As you may have read in my prior postings, International Parental Child Abduction remains an unfortunate issue, which continues today. There are certain countries, which tolerate and even allow International Parental Child Abduction as evidenced by their laws. Japan is the only “First World” nation, which can be placed in this category. Japan is not signatory to The Hague Convention on International Parental Abduction. This means that Japan allows its citizens who live abroad to return to Japan with their children regardless of foreign child custody orders in place from foreign jurisdictions.
There are many instances in the United States where, for example, an American citizen marries a Japanese citizen, they have children, but in the end divorce. They part ways and the Japanese Mother decides to return to Japan taking the children. The Hague Convention would require the Japanese Government to return the children to their home jurisdiction. Since Japan is not a member of the Hague Convention it is under no obligation to listen.
Over the past decade there has been a movement to encourage Japan to become signatory to the Hague Convention on International Parental Child Abduction. Time and time again Japan has stated that they will “consider it.” Again the Yomiuri Shinbun today stated that Japan will sign the Hague Convention – http://www.crnjapan.net/The_Japan_Childrens_Rights_Network/itn-japwsthc.html
If Japan continues on their path of “considering signing” Left Behind Parents are left with little to no recourse. I think it is fair to examine what role the United States Government has in this process. The United States and Japan are allies and have close ties. The United States Government has had military bases within the country of Japan since the end of World War II and continues to protect Japan by stationing troops within the country.
The US State Department’s Mission Statement is as follows: Create a more secure, democratic, and prosperous world for the benefit of the American people and the international community. Although these Left Behind Parents have not lost legal custody they have in fact lost the ability to see their children and therefore are actually denied custody. It appears that the State Department understands the problem as it does communicate with left behind American parents through quarterly round table meetings. However, the State Department has not been able to bridge the gap and continues take action. It has been unable to take any action to convince the Government of Japan that it should become a Member of the Hague Convention and enforce child custody orders issued by American Courts. Japanese Courts simply do not recognize American child custody orders and therefore refuse to enforce these court orders.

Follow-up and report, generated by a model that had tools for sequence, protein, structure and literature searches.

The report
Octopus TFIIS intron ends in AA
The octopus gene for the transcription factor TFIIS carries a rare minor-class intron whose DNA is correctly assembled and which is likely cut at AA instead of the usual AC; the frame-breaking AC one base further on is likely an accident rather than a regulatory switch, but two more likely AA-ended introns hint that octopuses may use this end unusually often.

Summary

It certainly seems that the United States Government, and specifically the State Department, should be able to do more. The mission of the State Department is to protect and secure American people. The State Department’s inaction on this matter results in non-compliance with its Mission Statement. The children are American citizens (presumably born in America) and they are being deprived of their right to frequent and continuing contact with their American parent as well as compliance with an American Court child custody order. Furthermore, the American parent usually loses all child custody rights when the Japanese parent returns to Japan with the children.
So what can the State Department do? It certainly seems that given the status quo, the State Department can and should take action to do everything in its power to prevent the abductions from occurring. The State Department should have a process to screen parents on international flights who are departing with children and without the other parent. This seems like a common sense first step. Perhaps they can have the departing parents sign an agreement promising to return to the United States with the children. This seems that a signed agreement would assist the United States Government with its request to return children. There are other options which the Department of State can and should take. It is clear that the State Department needs to take a more proactive role in an attempt to reduce the number of International Parental Child Abductions. Hopefully the State Department will take steps to further abide by its Mission Statement and make the world a more secure place for American citizens in 2011.